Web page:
Overcoming Obstacles to Create an Author Blog

by Joel Friedlander on May 9, 2012 · 32 comments

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by Leanne Hunt (@LatticeWindows)

I “met” Leanne in the comments section to an earlier post on Author Blogging. Part of what she said was: “I don’t think there is anyone else out there writing about the things I do—I am a self-publishing author, a blind computer user and an amateur psychologist/mystic…” That caught my eye, and I asked Leanne to tell the story behind her comment. I’m very pleased she took me up on the offer, and here she describes her journey so far.



The advice to “Build an author platform” is commonly heard in book marketing circles. Yet how do you build that platform, especially when you are a complete novice where computers are concerned? I confess, I had no idea when I started out, but I’ve learned some things along the way.

Early Synchronicity

My journey into self-publishing began in July 2011 when I heard about CreateSpace, the entrepreneurial author programme run by Amazon.com. The news came via an interview on a local talk radio station and my response was elation. It felt like pure synchronicity because I had a freshly completed novel on my laptop and an inheritance that had come to me six months earlier. After dreaming of becoming a published author for thirty years, I realised there was finally a chance to make it happen.

The first thing I did was establish that what appeared to be a fantastic opportunity was, in fact, true. Once assured, the second thing I did was look for guidance on self-publishing. That was when I came across Joel Friedlander’s book, A Self-Publisher’s Companion and began educating myself.

Now, it must be said that I am not a likely candidate for this sort of thing. I began losing my eyesight when I was ten and became legally blind when I was 17. Up until a year ago, I could only read with the aid of tapes, but July 2011 saw the introduction of the Kindle into my life, with its amazing text-to-speech capability. A Self-Publisher’s Companion was the first e-book I read.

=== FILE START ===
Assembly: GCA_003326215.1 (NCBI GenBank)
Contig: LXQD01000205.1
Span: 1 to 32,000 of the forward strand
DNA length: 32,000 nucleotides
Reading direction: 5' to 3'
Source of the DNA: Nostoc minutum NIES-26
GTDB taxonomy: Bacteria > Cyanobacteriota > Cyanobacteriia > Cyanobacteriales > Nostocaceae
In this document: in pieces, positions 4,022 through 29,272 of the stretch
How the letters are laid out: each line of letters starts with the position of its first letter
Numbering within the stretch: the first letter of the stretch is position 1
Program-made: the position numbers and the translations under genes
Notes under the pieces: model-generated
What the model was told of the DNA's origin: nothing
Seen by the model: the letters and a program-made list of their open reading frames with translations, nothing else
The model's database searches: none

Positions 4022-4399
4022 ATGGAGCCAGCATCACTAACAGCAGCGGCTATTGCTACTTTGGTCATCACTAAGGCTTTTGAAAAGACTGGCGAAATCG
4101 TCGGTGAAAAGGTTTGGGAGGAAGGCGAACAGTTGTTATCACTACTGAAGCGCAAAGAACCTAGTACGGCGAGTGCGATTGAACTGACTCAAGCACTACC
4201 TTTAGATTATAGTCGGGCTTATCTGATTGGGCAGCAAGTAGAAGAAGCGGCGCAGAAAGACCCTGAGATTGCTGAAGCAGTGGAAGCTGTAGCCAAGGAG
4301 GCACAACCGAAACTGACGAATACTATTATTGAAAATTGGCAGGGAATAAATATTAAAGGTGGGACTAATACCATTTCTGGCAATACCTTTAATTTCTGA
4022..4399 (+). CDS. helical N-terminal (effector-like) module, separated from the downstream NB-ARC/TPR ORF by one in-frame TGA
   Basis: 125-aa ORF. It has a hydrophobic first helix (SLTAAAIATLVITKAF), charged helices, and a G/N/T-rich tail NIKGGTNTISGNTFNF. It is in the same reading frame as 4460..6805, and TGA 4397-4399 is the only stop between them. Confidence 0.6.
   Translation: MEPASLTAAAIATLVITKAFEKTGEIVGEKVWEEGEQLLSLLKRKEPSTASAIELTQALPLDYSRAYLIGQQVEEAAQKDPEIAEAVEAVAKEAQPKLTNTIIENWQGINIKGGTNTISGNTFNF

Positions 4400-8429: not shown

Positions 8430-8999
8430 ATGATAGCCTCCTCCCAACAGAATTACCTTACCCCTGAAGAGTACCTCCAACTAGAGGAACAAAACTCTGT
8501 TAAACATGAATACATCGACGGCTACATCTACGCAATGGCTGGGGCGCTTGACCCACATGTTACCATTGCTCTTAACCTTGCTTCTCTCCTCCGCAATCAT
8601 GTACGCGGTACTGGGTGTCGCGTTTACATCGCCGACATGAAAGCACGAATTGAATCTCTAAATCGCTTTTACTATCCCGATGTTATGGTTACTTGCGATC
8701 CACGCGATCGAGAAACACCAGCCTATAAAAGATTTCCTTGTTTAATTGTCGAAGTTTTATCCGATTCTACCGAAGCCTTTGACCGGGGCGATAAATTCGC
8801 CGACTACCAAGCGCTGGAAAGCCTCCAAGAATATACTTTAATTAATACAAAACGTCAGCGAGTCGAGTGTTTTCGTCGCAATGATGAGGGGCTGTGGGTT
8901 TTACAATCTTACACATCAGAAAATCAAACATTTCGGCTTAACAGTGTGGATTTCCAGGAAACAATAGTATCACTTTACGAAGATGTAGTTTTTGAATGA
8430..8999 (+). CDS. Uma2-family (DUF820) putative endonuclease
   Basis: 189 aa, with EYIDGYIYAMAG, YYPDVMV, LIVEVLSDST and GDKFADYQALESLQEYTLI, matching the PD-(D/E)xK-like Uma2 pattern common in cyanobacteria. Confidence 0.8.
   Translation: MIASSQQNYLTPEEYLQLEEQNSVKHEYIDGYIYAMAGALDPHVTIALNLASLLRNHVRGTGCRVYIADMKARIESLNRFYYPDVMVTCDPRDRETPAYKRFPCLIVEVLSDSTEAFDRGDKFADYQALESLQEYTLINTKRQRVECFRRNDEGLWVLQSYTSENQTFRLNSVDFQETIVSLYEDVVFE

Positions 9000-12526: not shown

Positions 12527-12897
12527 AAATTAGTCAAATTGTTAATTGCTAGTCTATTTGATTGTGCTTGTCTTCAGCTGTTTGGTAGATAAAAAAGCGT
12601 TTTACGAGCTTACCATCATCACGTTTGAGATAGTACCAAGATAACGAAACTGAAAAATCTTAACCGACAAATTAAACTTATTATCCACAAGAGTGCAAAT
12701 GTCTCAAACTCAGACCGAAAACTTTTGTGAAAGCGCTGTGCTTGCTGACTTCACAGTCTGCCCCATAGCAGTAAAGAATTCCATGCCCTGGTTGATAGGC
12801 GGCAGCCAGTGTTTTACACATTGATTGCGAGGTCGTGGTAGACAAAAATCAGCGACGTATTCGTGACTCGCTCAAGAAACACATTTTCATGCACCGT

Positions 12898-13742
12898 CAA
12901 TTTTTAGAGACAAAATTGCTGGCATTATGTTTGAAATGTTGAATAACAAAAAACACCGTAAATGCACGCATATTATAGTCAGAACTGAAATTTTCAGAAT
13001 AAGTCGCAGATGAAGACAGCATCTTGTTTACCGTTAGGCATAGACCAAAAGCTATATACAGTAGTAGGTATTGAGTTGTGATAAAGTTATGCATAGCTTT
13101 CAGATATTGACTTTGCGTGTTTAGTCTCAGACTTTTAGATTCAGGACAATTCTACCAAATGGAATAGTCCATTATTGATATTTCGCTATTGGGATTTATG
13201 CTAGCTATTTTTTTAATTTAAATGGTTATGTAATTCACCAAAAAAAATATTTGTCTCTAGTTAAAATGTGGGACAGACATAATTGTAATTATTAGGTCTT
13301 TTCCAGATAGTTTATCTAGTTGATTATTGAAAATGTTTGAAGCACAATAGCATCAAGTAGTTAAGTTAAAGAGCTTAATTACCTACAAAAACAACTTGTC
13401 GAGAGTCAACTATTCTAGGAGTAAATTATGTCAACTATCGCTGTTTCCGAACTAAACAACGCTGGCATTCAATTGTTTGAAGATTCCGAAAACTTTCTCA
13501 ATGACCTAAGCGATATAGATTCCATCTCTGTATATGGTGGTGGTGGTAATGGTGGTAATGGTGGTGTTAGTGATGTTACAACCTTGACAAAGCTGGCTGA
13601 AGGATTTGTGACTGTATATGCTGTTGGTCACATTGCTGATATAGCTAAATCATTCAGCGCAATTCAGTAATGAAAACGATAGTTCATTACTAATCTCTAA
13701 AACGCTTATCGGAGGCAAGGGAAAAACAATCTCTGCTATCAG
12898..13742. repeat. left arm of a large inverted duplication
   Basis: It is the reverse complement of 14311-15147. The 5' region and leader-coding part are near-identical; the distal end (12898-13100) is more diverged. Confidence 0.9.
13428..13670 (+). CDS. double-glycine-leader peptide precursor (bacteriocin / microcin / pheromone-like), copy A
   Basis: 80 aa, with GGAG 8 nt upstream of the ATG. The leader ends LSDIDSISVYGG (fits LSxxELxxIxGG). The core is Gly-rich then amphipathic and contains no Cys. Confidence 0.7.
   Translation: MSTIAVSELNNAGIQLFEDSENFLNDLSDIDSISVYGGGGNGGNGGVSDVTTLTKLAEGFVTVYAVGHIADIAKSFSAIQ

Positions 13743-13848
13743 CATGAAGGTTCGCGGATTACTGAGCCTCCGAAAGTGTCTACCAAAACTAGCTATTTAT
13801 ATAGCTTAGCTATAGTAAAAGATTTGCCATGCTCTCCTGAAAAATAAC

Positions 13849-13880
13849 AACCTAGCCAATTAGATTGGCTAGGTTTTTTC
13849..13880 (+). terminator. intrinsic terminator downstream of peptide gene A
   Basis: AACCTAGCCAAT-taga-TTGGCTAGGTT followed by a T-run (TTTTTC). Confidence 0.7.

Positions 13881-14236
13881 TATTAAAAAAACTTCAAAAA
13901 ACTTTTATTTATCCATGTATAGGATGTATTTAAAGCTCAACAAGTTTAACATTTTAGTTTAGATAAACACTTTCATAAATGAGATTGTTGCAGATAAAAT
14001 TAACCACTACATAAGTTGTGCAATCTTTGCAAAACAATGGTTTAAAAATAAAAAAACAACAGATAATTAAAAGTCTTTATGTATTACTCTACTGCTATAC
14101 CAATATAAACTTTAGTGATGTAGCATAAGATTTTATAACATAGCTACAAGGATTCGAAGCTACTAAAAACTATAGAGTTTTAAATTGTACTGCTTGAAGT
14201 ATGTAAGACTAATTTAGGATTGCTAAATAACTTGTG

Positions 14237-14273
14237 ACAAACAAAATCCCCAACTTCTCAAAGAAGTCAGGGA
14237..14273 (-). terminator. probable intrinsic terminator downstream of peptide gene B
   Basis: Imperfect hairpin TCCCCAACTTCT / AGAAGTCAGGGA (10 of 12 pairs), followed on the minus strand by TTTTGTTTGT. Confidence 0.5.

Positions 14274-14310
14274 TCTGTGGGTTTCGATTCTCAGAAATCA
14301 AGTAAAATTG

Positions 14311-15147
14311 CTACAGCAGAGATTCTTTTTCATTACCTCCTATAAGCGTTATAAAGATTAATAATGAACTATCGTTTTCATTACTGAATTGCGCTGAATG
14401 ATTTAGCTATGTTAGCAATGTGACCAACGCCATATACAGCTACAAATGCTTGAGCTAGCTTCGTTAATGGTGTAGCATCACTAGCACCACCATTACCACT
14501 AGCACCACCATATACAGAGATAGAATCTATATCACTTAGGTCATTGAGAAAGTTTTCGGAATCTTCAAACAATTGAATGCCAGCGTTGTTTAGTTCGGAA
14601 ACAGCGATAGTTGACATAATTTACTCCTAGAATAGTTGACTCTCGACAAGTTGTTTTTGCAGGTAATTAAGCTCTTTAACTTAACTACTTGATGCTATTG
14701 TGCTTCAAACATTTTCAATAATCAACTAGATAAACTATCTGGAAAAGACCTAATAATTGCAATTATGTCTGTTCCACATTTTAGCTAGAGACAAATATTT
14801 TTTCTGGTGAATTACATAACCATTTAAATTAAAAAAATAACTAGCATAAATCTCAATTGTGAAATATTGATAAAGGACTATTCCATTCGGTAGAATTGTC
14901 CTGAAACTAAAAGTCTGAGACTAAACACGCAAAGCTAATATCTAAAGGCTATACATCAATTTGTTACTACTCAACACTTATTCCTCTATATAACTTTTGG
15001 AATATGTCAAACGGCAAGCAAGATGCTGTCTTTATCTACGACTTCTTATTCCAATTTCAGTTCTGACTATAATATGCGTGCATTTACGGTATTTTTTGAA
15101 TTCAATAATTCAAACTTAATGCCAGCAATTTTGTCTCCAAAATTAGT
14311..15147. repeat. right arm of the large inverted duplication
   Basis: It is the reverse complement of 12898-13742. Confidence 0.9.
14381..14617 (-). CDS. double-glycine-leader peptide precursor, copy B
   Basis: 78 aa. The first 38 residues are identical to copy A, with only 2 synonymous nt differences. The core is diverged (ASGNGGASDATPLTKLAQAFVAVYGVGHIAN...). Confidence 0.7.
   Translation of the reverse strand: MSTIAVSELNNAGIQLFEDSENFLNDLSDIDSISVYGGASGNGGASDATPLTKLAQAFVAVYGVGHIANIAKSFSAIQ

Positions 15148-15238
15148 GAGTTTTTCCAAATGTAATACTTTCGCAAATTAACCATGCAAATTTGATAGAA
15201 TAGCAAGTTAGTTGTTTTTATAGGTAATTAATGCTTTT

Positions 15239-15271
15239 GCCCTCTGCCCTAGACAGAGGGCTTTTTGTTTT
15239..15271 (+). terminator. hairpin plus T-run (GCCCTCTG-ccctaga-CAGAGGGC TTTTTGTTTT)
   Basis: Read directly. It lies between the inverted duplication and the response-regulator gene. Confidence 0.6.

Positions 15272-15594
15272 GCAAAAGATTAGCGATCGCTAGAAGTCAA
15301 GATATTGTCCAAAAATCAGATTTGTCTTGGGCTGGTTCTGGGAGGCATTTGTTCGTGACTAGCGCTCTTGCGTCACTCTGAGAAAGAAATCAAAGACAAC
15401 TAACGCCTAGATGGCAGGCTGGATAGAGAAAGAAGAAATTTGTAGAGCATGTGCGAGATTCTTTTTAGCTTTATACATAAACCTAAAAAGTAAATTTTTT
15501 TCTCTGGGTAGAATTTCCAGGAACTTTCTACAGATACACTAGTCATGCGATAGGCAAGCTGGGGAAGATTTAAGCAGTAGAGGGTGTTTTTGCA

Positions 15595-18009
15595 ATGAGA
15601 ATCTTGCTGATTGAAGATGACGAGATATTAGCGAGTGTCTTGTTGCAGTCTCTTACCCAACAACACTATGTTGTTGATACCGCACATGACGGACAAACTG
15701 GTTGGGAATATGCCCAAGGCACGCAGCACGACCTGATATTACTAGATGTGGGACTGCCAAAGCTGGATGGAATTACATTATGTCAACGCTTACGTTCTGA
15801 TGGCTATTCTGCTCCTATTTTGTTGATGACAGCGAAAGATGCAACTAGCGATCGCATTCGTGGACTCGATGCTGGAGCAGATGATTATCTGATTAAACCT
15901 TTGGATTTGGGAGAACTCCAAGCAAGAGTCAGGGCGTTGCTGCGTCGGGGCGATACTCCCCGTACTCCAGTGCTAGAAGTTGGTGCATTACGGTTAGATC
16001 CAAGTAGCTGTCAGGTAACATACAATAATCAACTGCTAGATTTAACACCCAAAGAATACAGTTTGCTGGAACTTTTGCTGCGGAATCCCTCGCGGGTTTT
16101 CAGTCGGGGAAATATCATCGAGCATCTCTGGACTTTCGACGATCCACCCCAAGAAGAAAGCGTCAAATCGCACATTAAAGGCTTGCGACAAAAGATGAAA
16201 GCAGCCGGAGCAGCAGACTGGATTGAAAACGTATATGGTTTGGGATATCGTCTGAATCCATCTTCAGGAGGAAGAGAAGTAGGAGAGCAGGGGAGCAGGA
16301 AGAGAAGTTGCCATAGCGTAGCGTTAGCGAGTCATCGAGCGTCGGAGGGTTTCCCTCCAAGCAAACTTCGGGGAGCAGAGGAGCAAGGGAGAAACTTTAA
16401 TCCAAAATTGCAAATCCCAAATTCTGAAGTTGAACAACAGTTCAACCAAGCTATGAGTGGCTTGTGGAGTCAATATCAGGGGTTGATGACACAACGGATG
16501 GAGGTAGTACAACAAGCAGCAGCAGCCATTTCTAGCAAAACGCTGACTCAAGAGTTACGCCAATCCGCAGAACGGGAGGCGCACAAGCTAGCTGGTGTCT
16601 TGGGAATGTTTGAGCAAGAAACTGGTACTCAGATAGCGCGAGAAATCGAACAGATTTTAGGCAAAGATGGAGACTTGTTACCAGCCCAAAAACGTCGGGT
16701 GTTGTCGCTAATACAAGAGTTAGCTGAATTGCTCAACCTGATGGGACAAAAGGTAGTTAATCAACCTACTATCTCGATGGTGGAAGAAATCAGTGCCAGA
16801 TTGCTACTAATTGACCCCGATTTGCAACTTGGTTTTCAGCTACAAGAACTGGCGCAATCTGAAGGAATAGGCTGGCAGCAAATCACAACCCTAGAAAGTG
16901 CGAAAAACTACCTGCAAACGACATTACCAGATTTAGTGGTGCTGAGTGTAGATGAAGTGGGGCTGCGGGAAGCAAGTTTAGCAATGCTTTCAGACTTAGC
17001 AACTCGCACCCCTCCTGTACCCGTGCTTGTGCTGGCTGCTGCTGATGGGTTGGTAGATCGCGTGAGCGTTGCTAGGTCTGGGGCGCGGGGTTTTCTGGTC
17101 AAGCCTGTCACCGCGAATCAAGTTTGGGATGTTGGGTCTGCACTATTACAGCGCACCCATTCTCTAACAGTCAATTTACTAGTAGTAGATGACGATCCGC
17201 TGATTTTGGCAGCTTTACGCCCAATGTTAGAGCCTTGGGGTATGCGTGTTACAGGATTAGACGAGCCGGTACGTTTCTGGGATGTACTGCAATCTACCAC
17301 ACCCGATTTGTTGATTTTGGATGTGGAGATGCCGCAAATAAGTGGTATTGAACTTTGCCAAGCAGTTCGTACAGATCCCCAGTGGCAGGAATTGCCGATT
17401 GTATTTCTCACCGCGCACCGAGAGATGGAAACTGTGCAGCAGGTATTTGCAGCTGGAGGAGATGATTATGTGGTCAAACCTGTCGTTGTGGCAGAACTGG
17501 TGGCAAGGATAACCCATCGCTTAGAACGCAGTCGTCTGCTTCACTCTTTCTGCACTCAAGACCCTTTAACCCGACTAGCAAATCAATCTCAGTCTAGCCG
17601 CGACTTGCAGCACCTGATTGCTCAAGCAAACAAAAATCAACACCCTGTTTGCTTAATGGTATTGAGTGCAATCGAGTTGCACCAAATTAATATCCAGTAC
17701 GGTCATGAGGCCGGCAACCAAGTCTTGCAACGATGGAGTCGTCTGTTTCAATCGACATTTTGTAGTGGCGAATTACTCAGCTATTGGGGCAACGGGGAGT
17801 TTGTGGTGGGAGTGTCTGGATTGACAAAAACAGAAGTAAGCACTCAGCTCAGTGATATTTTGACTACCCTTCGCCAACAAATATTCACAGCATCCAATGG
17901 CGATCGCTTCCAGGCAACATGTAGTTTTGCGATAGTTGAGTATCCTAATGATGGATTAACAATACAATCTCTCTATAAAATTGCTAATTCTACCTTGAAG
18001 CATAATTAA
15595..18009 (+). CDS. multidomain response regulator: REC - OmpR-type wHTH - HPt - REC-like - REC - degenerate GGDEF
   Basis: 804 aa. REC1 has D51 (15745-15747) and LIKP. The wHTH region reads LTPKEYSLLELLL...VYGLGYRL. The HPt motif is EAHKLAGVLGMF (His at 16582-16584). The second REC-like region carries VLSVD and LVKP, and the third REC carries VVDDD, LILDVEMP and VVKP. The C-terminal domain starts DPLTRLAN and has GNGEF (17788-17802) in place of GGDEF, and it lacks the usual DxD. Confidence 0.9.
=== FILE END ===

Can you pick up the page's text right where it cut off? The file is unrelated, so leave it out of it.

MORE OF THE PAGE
I noted with interest the chapter on using social media to market books online. As a blind person, I had steered away from social networking and anything that felt like over-exposure, partly because I felt technically incompetent and partly because of giving the world a window into my private life.

Yet Joel made it sound so easy and so necessary to an author’s success that I took the bull by the horns and faced my fears. After reading Twitter‘s Help pages and convincing myself that I wasn’t endangering my own or my family’s security, I was ready to choose a Twitter name and get tweeting.

But first I needed a brand. What to choose? Then it struck me; four months earlier, I had begun contributing a column on Open Writing web magazine called Through Lattice Windows, a name chosen to signify the fragmented nature of my visual field.

The name @latticewindows simply suggested itself, and with it, the idea of using a lattice window design as my avatar. Now I was branded both as a colourful personality and someone with a structured outlook on life, which was exactly the way I wanted to present myself.

The Birth of a Blog

But it didn’t stop there. Having enjoyed the sense of empowerment that being on Twitter afforded me, I moved quickly onto Facebook and contacted a string of friends whom I hadn’t seen in years. They were all excited to hear from me and wanted to know, “So, how is your eyesight? Has it deteriorated or stabilised?”

Most of all, they wanted to know how I managed to navigate around Facebook, especially since I don’t use the screen. I told them, that is the beauty of digital technology. What works for the sighted works for the blind; you just need the software to translate labels into voice commands and the courage to give it a try. It’s remarkable.